In addition, if you sell or service the Apple iPhone or iPad, but are not authorized by Apple to do so, you are in copyright violation just by using the words “iPhone” or “iPad” in any marketing material, promoting your sales/service business.
As a side note:
Many companies, especially Apple, spend millions of dollars in legal fees, in an effort to mitigate unauthorized use of their copyrights. Anyone stupid enough to try, is stupid enough to get caught, which can lead to more than just a slap on the hand, as copyrights are enforced by the Federal Gov’t.
I will even go as far as saying, I will probably catch some grief from Apple and/or Google, just for writing this article. This website may even be put on a watch list as a potential violator.
Expanding on the Google AdWords Copyright Scam:
When you receive a solicitation saying something about “how using copyrighting techniques can boost your Google AdWords campaign” it is usually some type of program you have to purchase.
Why would you have to purchase this information?
Most copyright information is a available to anyone, for free – and if you have stuff to copyright, you need an authentic, genuine, copyright lawyer.
How the “Google AdWords: Copyrighting Scam” works:
Basically, ALL “how using copyrighting techniques can boost your Google AdWords campaign” programs/solicitations are going to tell you to do the same things.
- Register copyrights on words/phrases as your own.
- Use the copyrighted words/phrases in your Google AdWords campaign.
- Search for other websites using those words/phrases.
- Report these other websites to Google, as using copyrighted words/phrases owned by you.
It’s a bullying tactic. Any business, with a website, who does not know anything about copyright law and/or Google’s Copyright Policies will just quit using the words/phrases you claim as your copyrighted information, thus eliminating the use from advertisers who would be your competition.
The less people buying AdWords clicks of the words/phrases in question, the cheaper they are for you to buy and the more your ads will be seen.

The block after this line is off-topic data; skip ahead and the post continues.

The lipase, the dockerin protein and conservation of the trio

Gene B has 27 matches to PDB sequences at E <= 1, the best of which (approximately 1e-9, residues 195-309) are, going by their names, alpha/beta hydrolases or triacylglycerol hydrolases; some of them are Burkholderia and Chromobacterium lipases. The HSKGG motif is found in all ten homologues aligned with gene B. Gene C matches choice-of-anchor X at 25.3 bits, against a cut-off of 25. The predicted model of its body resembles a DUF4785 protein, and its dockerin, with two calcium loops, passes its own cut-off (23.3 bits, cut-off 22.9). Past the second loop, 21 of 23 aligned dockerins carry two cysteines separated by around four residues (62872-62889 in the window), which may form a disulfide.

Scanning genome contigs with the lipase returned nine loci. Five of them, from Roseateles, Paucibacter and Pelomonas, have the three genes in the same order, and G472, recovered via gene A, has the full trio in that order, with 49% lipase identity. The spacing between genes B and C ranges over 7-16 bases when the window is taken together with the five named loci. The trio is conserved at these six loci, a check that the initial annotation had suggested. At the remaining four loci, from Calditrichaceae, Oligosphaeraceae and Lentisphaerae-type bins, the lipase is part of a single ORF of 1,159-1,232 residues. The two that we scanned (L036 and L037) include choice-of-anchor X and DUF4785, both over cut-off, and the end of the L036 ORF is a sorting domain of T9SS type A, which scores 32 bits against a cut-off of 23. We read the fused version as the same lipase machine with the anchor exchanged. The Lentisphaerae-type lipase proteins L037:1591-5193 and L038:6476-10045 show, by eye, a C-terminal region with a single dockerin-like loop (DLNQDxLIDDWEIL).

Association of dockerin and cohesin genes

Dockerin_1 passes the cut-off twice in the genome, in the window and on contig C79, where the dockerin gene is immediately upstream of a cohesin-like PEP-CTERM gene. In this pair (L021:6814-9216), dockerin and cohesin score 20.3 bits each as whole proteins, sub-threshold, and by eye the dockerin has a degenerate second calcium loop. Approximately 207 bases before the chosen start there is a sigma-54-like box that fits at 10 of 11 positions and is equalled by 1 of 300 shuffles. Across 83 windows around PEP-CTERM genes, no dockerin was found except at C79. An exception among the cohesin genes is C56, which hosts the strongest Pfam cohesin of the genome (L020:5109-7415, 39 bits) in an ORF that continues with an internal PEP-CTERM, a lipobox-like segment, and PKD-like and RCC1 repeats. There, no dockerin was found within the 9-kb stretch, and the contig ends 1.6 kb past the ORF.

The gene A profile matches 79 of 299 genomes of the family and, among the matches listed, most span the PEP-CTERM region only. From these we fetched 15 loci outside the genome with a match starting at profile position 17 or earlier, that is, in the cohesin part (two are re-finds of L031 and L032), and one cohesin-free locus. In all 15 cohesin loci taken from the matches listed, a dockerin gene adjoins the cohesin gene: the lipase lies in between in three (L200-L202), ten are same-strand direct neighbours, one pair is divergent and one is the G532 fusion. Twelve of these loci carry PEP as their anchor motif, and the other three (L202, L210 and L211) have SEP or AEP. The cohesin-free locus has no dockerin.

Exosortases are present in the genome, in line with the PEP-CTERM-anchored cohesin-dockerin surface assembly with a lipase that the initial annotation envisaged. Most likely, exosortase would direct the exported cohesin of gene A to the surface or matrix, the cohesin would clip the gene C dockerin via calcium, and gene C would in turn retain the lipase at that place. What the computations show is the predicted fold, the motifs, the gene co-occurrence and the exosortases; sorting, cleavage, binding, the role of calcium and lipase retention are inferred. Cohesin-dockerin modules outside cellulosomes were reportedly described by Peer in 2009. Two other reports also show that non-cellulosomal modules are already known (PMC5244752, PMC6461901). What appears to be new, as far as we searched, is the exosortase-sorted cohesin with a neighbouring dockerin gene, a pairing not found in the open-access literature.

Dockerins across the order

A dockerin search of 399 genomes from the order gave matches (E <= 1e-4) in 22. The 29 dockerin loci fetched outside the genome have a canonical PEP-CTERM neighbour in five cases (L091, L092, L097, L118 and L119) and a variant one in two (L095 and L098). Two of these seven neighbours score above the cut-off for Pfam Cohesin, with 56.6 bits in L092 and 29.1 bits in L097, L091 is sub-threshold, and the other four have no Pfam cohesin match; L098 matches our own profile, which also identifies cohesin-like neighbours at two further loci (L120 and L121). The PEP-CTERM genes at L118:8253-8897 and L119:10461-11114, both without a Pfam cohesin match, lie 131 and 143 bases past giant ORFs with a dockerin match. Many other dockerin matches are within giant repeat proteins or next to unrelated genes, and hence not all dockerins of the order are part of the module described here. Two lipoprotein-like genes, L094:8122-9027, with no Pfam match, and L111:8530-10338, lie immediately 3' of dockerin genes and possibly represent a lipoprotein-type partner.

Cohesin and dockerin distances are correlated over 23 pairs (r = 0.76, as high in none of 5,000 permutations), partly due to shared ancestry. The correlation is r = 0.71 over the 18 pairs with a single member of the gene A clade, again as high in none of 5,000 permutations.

As a side note: If you use this tactic, make sure you can accept the consequences.
- Google can ban you as an AdWords advertiser.
- Google could potentially sue you for lost revenues, as a result of your fictitious copyright claims.
- The AdWords advertisers you reported could take you to court over the copyrights you claim to have.
- There could even be legal issues around unfair business practices and unprofessional conduct.
Let me remind you again, copyrights are Federally Issued and Protected. This means it is highly likely any legal issues will be fought in a Federal Court. Think of the time it will take to fight a legal case in Federal Court. Think of the money it will cost you, to fight a legal case in Federal Court.
Are you prepared to take on these consequences and costs?
Stay away from companies selling any type of “How using copyrighting techniques can boost your Google AdWords campaign” program.
Copyrights, no matter how simple or complex, need the attention of someone with legal expertise. Research copyright law on official government websites and consult a qualified attorney.
If you think you can handle more of the legal responsibility and/or consequences, you could use a self-help legal service such as Copyright Registration by LegalZoom. At least, the services they offer are originated by people who work in the field. Just remember, self-help legal service companies do not share any of the legal responsibility if there comes a time your copyright is called into question.